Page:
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Apple Now Rejecting eBooks Because of Links to Amazon

Did you hear about the latest nasty thing Apple was caught doing? Seth Godin is reporting on his blog that he won’t be able to sell his latest book in iBooks.

I just found out that Apple is rejecting my new manifesto Stop Stealing Dreams and won’t carry it in their store because inside the manifesto are links to buy the books I mention in the bibliography.

Quoting here from their note to me, rejecting the book: “Multiple links to Amazon store. IE page 35, David Weinberger link.”

So… when do we get to the news? You do realize that this is the same Apple who forced media companies (Amazon, Netflix, Pandora, et al) to remove ebookstores, website links, and other useful info from iOS apps, right?

Is anyone surprised that they rejected Seth Godin’s book?

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Evil Wylie February 29, 2012 um 3:01 pm

I’ve never heard of a traditional bookstore refusing to carry a title because of a note on the back that says "ebook also available," but this doesn’t surprise me. Godin’s shock is hilarious. He’s the one that signed an exclusive with Amazon (now expired); competition didn’t bother him then (i.e. Amazon’s refusal to let other ebookstores carry Amazon Publishing titles). Now, when it affects him…

Mark February 29, 2012 um 3:31 pm

Godin’s argument is essentially, "Companies have a right to do business however they want until they get too successful. Then, they don’t." I think Apple has a right to do this–it’s their store, after all–but if I were publishing a book, I’d simply not publish on iBooks. Certainly, I wouldn’t think I had a _right_ to sell via iBooks. Or Amazon. Or Nook.

All this stuff will work itself out. It’s just that in the middle of these sorts of transitions, people don’t always see it–I’m sure there were lots of people making buggies and whips who were upset when the automobile started destroying their industry. Some of them adjusted and went on to be successful in the automobile industry, some didn’t. It’ll be the same here–the more Apple and Amazon make it difficult to do business, the more opportunity there will be for someone else to come along and do things differently.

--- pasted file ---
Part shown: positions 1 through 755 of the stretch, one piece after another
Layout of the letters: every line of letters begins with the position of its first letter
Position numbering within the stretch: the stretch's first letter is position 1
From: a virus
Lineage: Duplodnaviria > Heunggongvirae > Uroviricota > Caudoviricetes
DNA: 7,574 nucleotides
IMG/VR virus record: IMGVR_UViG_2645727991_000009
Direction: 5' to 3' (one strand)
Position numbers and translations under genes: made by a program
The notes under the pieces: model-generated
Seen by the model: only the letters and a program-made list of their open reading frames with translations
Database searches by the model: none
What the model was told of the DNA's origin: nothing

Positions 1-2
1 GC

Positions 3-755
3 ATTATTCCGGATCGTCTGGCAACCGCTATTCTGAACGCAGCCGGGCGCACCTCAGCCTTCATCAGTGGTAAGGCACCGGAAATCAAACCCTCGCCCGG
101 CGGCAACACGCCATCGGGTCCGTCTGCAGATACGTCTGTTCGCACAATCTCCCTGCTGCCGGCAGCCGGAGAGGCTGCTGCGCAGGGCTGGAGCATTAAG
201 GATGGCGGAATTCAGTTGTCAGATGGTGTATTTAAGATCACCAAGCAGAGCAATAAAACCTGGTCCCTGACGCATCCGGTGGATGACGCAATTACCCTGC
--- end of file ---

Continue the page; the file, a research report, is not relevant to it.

fjtorres February 29, 2012 um 4:18 pm

Not at all surprised.
Apple is entitled to filter out anything they want to filter out from their domain.
They own the hardware, they own the software, they own the content store, and they own the customers.
It’s all their property.
And there’s no reason they should share any of it.

Gary February 29, 2012 um 7:00 pm

If I owned a shop, I would be constantly meeting the sales representatives from various manufacturers, wholesalers and so on – and they all would want me to purchase their products for me to sell to my customers. For some, we’d write out an order, but some others would go away empty-handed. They’d certainly not all get orders. That’s the nature of the game.

All Godin (whoever he is) has done here is to make himself look a right pratt.

And what’s this talk about his *manifesto*? Right – he’s pretentious too.

Paul Salvette February 29, 2012 um 9:14 pm

Not a surprise at all. Smashwords has the same policy, probably due to pressure from Apple/Kobo/B&N, who they distribute to. Who will survive the eBook wars?

Ravi February 29, 2012 um 11:32 pm

It isn’t surprising, but that doesn’t mean it is acceptable.

Remember, Apple’s linking restrictions hit more than just URLs. They forbid Amazon, B&N, Kobo, et al from even mentioning their websites (since you can buy things at those sites that aren’t being made available through Apple’s In-App Purchase). If they applied their rules consistently (which they won’t of course), they’d ban books that just mentioned,,,, and so on. That would be fun to watch.

Ellen Hopkins March 3, 2012 um 9:08 pm

What’s good for the goose, etc. Amazon decided to ride roughshod over the industry, and now some companies are pushing back. As for authors that publish exclusively with Amazon, I think they’d do right by themselves to have those contracts vetted. And all authors should seriously consider HOW they publish rather than just running off TO publish, however they can.

David Bernheisel March 6, 2012 um 9:40 pm

I don’t think this is new. It’s always been like this since they launched. I guess someone made a big enough stink about it to be noticed.

Here’s Why iBooks Will Fail – The Digital Reader April 15, 2012 um 6:21 pm

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[…] This isn’t the first time that Apple has rejected apps or ebooks because they mention the competition, but it is the most baffling. In 2010 Apple banned a digital magazine because it covered Android, and in 2012 Apple also rejected ebooks which included links to the Kindle Store. […]

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